There is no doubt that there is a growing awareness and interest in ethical and environmental concerns; people are changing the way they live to reflect those issues.
Veganism, for example is now mainstream where just a few years ago it would have been considered an alternative lifestyle. This is a high-profile example of a growing phenomenon in Western culture, namely the increasing willingness to take action around ethical and environmental issues – often referred to as the ‘Blue Planet’ effect, being a reference to environmental champion Sir David Attenborough’s iconic program of the same name.
Social, environmental and technological change is happening at a faster rate than ever before, affecting the world’s climate, demographics and the way we live. It is no wonder that in light of this, people are assessing the way they invest, re-aligning their investments to better match their values, concerns, and to have a demonstrable impact on the world.
This is certainly an area where there has been growing interest, not just amongst investors but fund management companies as well. An environmental, social and governance (ESG) policy and accompanying fund(s) is now almost de rigueur for any asset manager in the UK market.
But what does this mean for investors in practical terms?
Ethical investing was once seen as very niche, yet these days, responsible investing takes many forms, giving different ways individuals can ‘invest for good’, including the various levels of ‘green’ funds, ESG funds, socially responsible investments (SRI), sustainability funds and impact investing, to name a few. This range of options means investors can more readily find investments that suit or match their views, while also delivering market comparable returns on their investments.
The different types and terms of responsible investing often overlap or work in conjunction with one another. Some funds will talk about ESG and sustainability in the same breath, while others will use them to differentiate themselves in the market.
Funds following this ethos will analyse how companies interact with society and their environment as well as analysing where and how they make their profits. Sustainable funds can also be focussed on the UN goals and will look at the company in respect of elements such as its reputation, corporate culture, position in the market and long-term future.
Impact investing as a type of responsible investment is more niche, as it can be far more focussed, looking to fund specific projects, such as bringing water producing facilities to an area of Africa. While these are very broad-brush descriptions, as can be seen there are different ways investors can put their money to work. As investors, invariably, we are looking for our investments to make us money as well as to do good.
One of the key differences between investing for good now and a few years ago is that investment performance does not have to suffer as a result. In the past, strict ethical screening often meant ethical funds trailed behind in performance tables. Nowadays, fund managers tend to adopt a more pro-active strategy, using their influence as stock buyers to engage with companies to make them adopt better practices and actively work to, for example, reduce their carbon emissions, change their suppliers or generally look at their working practices and how they can be made more environmentally and socially responsible.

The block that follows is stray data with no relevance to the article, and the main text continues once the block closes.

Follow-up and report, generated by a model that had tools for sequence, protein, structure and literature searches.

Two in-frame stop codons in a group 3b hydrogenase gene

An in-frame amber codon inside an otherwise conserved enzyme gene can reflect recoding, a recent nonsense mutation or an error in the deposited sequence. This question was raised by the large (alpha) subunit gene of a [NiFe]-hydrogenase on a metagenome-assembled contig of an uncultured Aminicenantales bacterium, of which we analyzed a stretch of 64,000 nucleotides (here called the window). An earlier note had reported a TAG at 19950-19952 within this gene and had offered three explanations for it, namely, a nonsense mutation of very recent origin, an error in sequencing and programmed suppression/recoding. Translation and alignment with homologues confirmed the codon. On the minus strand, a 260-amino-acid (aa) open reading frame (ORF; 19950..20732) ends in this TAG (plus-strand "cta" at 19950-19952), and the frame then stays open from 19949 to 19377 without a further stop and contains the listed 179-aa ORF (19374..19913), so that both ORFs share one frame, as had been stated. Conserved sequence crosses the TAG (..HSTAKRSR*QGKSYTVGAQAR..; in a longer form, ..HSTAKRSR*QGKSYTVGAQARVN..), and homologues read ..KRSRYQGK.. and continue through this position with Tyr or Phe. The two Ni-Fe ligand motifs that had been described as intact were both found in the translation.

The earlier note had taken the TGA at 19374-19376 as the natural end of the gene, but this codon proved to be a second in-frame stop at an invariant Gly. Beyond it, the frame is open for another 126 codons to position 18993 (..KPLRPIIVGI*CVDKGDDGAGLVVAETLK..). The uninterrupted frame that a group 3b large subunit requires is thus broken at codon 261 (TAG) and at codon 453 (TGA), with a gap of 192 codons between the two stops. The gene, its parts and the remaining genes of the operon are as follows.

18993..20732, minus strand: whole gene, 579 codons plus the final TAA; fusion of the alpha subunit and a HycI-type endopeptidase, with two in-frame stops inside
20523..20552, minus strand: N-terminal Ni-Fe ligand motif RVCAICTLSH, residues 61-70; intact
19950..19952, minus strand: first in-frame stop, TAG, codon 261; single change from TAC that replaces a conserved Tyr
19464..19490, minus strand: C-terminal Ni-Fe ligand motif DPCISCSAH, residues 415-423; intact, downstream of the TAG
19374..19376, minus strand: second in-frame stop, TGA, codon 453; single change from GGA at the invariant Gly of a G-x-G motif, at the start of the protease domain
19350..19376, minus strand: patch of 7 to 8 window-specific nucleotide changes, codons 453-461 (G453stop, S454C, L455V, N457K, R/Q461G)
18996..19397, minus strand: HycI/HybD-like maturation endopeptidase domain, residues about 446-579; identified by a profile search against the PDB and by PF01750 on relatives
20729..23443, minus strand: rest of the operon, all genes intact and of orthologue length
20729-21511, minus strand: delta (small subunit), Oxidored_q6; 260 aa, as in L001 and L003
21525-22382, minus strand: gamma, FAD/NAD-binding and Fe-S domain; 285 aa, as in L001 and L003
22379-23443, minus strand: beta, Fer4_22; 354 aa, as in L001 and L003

Importantly, companies that can adapt to the changes – who have clear policies on the UN goals, such as climate action; health and well-being of their employees, consumer and suppliers; gender equality; responsible consumption and production, i.e. those which are often within the ability of companies to influence within their operations – are more likely to thrive, as they will attract customers and employees, thereby growing their business.
In contrast, companies that do not move with the times and continue polluting or failing to adopt inclusive employment policies, are more likely to lose out in a connected world where news of bad practices can be quickly spread. Get it wrong and the cost to reputation and bottom line can be high, as Volkswagen found out when it altered its diesel emissions results. A company that ignores the clear messages it is receiving could risk a large fund manager pulling its investment, with a consequent impact on share price.
Nowadays, investing ethically can often mean investing in the companies which will be sustainable, profitable and potentially the leading companies of the future.
Some fund managers are warning that given the sudden rush for fund houses, to offer responsible investments, investors need to dig down beneath the surface of each fund to ensure that their commitment to ESG or sustainability is not just a marketing stance.
Responsible investing can be undertaken in many ways and at many levels. Some investors want to apply a strong exclusion filter to where their money is invested whilst others will look to help effect change in industries by favouring the companies who are making commitments to become more responsible in their culture and operations. It really is down to the individual’s views, concerns and choices.
Lowes sees the rise of responsible investing as a positive movement that has the power to progress change because both investors and fund managers want it. Often it can be pressure from the marketplace, rather than the big stick of regulators and government, that can truly make a difference.
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